The company's master plan is bound to bring it into direct competition with conventional software heavyweights such as Siebel, PeopleSoft, SAP and Microsoft Great Plains, according to John Appleby, managing director and senior vice president International of the San Francisco, Calif.-based company.
If Appleby is worried about competing with the big boys, you wouldn't know it. "We will certainly be making a lot of big software companies nervous over the coming months," Appleby told ASPnews. "We won't become an online SAP, but we will have a lot of overlap with what they and others do, and they won't be happy." Fighting talk for an ASP whose current offering, Salesforce.com Professional Edition, is a fairly limited Web native CRM application.
Even Appleby describes his application which comprises SFA, marketing automation, customer service and support, and report and analysis functions as providing a base level of functionality for companies that would otherwise rely on Excel spreadsheets or the liberal use of Post-It notes. Even so, the company has won 3,800 customers that pay $65 per user per month for anything from one to more than 700 end users.
At a Glance
Salesforce.com customers are attracted by an implementation time of only about four weeks and the rapid return on investment the application offers, Appleby told ASPnews. This contrasts with the lengthy implementation times of conventional CRM roll outs, along with the cost and time uncertainties and other risks that these involve. Salesforce.com's Annual sales have grown from $6.8 million in 2001 to an estimated $23 million in February 2002, and the company is already cash-flow positive.
Entering the Enterprise
The Professional Edition application (its current offering) does not allow for real-time integration with back-office systems and offers only limited customization. To address these shortcomings Salesforce.com has announced its Enterprise Edition.
Aimed at larger companies, it enables a much greater degree of customization at the client end, so that, for example, each department within an organization can have its own data and views, rather than having a standard corporate view, which might include fields that are not relevant to some departments. More sophisticated administration tools are also included for provisioning, privilege allocation and monitoring tasks.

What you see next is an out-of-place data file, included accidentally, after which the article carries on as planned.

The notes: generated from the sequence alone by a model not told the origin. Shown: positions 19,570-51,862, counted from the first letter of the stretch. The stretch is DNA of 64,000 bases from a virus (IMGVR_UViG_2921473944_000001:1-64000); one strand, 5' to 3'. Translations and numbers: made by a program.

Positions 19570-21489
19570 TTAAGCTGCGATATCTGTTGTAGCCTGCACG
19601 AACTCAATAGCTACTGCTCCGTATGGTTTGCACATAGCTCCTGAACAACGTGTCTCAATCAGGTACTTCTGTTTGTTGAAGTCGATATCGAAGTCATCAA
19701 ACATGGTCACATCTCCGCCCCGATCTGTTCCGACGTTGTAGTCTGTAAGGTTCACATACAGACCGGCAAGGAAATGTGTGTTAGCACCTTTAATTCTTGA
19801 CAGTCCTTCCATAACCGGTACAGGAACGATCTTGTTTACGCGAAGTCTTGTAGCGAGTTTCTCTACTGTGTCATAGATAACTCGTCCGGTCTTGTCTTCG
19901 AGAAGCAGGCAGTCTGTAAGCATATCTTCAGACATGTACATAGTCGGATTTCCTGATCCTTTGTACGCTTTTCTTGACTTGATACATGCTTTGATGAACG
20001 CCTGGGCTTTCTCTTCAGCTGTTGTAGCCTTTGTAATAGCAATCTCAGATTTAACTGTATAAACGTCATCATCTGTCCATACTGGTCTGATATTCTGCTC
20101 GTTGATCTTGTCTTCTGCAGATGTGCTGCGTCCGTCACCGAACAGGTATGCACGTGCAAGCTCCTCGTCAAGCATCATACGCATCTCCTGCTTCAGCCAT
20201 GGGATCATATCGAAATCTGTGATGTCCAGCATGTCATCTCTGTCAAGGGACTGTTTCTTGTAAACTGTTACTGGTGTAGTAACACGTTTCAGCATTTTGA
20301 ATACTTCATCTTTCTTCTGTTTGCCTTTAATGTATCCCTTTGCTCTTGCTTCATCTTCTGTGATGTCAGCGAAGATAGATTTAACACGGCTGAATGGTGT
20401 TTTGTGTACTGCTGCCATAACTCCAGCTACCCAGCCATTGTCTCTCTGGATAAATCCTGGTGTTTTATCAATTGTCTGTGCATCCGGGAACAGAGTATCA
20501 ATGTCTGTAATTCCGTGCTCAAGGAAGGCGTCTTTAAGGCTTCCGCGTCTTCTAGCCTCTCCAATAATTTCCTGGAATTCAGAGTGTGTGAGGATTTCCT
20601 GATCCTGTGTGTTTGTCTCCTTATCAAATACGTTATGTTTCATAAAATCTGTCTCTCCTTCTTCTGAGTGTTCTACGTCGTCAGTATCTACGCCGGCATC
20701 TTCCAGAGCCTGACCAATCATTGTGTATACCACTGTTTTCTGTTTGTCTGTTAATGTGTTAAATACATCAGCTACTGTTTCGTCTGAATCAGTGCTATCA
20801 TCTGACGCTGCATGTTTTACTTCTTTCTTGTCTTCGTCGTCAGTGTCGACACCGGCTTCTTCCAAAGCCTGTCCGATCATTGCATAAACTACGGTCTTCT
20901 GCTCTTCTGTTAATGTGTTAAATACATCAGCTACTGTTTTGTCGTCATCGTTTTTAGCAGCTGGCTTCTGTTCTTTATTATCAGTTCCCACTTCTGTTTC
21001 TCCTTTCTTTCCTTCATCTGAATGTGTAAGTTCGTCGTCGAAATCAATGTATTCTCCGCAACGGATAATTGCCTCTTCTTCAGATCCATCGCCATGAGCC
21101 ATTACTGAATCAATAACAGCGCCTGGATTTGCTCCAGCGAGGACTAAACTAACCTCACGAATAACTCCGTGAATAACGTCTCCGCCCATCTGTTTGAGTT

More importantly, the Enterprise Edition enables data to be exported to or imported from applications such as SAP or SQL databases using middleware provided by third parties. Salesforce.com's application has been developed using XML
Now that the company is exposing its XML APIs, customers can even write directly to the application using XML and integrate it with HR, data warehousing and other enterprise applications. "It would be possible to work with our XML API to integrate data into Great Plains, for example," Appleby said. "This makes us ideally positioned to participate in the .Net framework, as we or other companies will be able to clip extra Web services around it." So far 38 of Salesforce.com's customers are running trial versions the Enterprise Edition, which is priced at $125 per month.
Completing the Master Plan
Salesforce.com has also introduced an offline edition of its application which looks just like the online version that enable users to download relevant data to a laptop and access and manipulate it while on the road. The information can be synchronized with the online data later.
Salesforce.com has also developed a wireless version that can be access using a PalmOS device, but to date it has not attracted much interest from customers, according to Salesforce.com.
The ultimate product in the master plan has a working title of Ebusiness suite, and is scheduled for release towards the end of the year. The suite includes e-billing, invoice management, contract management and order management, and it will eventually include a full-blown enterprise resource planning (ERP) system and every other piece of back office software a company needs, Appleby told ASPnews.
This strategy will certainly make the name Salesforce.com seem too limited. The critical question is this: To what extent has the company's success in CRM gone to its head, making it believe it can, effectively, conquer the world with its software-as-a-service offering?
ASP as It Should Be
Appleby believes the company's strategy will be a successful one because it takes advantage of the strengths of the ASP model while avoiding the pitfalls that many would be ASPs have discovered. "A lot of ASPs failed because they took normal monolithic software, attached a delivery mechanism to it and offered it to customers, even though it needed implementation, a separate server and a separate database for each customer. Our application was built from the ground up to be delivered online 3 that's why we can scale to 100,000 users. No other apps can do that."
The application is also a true one-to-many system 3 there is one server for each market (Japan, Europe, America) that the company operates in, with customers on each server sharing the application and database. The servers themselves are hosted in a Qwest data center in Sunnyvale Calif, with backup and disaster contingency measures in place in San Francisco. The application runs on the Solaris platform around an Oracle 8i database.
Ultimately, Appleby believes, the ASP model, correctly used, will give Salesforce.com an unbeatable price advantage. "We have proven that software as a service works, and there is no reason why software should be as expensive as it is. With one platform and one database we can offer it cheaper. We offer core functions at a core price, and next time round companies will come to us."
Fighting talk indeed.
Reprinted from ASPnews.com